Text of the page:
Efficient and correct execution of parallel programs that share memory

Dennis Shasha, Marc Snir

Research output: Contribution to journalArticlepeer-review

Abstract

In this paper we consider an optimization problem that arises in the execution of parallel programs on shared-memory multiple-instruction-stream, multiple-data-stream (MIMD) computers. A program on such machines consists of many sequential program segments, each executed by a single processor. These segments interact as they access shared variables. Access to memory is asynchronous, and memory accesses are not necessarily executed in the order they were issued. An execution is correct if it is sequentially consistent: It should seem as if all the instructions were executed sequentially, in an order obtained by interleaving the instruction streams of the processors. Sequential consistency can be enforced by delaying each access to shared memory until the previous access of the same processor has terminated. For performance reasons, however, we want to allow several accesses by the same processor to proceed concurrently. Our analysis finds a minimal set of delays that enforces sequential consistency. The analysis extends to interprocessor synchronization constraints and to code where blocks of operations have to execute atomically. We use a conflict graph similar to that used to schedule transactions in distributed databases. Our graph incorporates the order on operations given by the program text, enabling us to do without locks even when database conflict graphs would suggest that locks are necessary. Our work has implications for the design of multiprocessors; it offers new compiler optimization techniques for parallel languages that support shared variables.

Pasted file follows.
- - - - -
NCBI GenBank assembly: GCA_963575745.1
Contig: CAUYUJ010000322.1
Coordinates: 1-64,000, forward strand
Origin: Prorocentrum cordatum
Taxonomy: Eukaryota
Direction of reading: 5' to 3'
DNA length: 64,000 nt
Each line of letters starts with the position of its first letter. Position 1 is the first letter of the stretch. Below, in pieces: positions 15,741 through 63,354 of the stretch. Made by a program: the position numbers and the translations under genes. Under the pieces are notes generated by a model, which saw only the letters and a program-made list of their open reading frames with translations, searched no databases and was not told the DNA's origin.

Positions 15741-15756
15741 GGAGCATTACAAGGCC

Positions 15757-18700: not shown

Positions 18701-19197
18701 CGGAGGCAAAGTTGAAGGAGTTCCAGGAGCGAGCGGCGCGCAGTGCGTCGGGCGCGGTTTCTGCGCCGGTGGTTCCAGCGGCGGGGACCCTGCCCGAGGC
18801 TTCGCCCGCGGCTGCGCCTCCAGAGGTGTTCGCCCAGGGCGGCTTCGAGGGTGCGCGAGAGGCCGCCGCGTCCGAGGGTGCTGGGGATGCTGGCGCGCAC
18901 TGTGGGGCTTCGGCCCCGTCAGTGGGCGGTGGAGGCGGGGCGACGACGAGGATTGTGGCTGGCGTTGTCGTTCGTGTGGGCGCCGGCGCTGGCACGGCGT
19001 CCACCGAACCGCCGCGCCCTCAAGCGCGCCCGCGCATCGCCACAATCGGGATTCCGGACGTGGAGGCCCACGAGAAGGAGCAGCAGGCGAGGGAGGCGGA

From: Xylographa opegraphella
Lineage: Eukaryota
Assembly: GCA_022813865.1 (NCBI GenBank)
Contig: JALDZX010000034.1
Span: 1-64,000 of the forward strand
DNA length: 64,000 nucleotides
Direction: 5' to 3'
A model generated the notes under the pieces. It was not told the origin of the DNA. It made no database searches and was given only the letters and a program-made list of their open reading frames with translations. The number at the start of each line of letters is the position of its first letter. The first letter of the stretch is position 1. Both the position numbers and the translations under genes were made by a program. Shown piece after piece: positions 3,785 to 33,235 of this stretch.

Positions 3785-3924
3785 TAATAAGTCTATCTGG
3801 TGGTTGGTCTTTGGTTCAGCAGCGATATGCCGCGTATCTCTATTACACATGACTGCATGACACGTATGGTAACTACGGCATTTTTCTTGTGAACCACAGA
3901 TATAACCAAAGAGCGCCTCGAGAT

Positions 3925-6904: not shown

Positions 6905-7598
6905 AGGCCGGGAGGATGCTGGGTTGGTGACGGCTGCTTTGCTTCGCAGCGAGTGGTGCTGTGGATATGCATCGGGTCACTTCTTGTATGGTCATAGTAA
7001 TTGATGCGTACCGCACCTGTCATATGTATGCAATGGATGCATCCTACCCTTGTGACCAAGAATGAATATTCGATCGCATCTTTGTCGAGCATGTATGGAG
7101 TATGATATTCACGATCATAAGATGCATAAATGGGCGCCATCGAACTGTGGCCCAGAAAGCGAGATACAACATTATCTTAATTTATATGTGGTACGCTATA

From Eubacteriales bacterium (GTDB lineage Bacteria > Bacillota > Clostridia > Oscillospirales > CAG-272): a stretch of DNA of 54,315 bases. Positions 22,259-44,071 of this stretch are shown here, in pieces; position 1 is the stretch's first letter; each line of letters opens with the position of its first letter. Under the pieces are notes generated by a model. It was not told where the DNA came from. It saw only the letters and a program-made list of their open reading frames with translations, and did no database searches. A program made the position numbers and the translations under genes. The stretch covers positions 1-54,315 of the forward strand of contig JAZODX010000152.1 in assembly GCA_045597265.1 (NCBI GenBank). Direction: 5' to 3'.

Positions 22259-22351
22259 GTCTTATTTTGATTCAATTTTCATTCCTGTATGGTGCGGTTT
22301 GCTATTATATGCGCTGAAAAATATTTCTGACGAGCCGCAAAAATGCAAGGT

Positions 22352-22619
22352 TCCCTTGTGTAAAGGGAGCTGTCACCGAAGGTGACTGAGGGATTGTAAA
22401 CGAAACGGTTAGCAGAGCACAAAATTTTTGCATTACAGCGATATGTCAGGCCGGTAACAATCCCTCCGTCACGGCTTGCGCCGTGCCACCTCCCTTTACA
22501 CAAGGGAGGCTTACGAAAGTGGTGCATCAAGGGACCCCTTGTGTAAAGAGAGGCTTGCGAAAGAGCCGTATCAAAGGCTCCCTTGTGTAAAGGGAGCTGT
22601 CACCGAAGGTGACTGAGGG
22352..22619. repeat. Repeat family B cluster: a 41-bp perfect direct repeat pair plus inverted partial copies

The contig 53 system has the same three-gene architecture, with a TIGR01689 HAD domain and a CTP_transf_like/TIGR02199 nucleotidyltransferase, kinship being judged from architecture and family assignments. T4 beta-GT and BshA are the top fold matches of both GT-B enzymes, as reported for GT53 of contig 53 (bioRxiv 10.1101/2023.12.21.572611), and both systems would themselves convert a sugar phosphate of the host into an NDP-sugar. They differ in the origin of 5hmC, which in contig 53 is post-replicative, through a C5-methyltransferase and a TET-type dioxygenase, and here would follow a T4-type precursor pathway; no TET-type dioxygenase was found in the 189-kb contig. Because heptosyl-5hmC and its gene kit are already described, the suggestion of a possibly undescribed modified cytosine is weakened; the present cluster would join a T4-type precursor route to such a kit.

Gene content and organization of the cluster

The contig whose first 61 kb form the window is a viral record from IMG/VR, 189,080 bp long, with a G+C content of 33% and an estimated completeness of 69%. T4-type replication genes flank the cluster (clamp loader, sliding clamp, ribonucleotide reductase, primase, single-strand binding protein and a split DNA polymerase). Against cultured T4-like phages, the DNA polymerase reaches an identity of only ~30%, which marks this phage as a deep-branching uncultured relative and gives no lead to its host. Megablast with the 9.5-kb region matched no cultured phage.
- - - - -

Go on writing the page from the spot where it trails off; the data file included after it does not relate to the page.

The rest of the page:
Original languageEnglish (US)
Pages (from-to)282-312
Number of pages31
JournalACM Transactions on Programming Languages and Systems (TOPLAS)
Volume10
Issue number2
DOIs
StatePublished - Apr 1 1988

Keywords

  • Networks
  • PRAM
  • parallel languages
  • shared memory
  • shared variables

ASJC Scopus subject areas

  • Software

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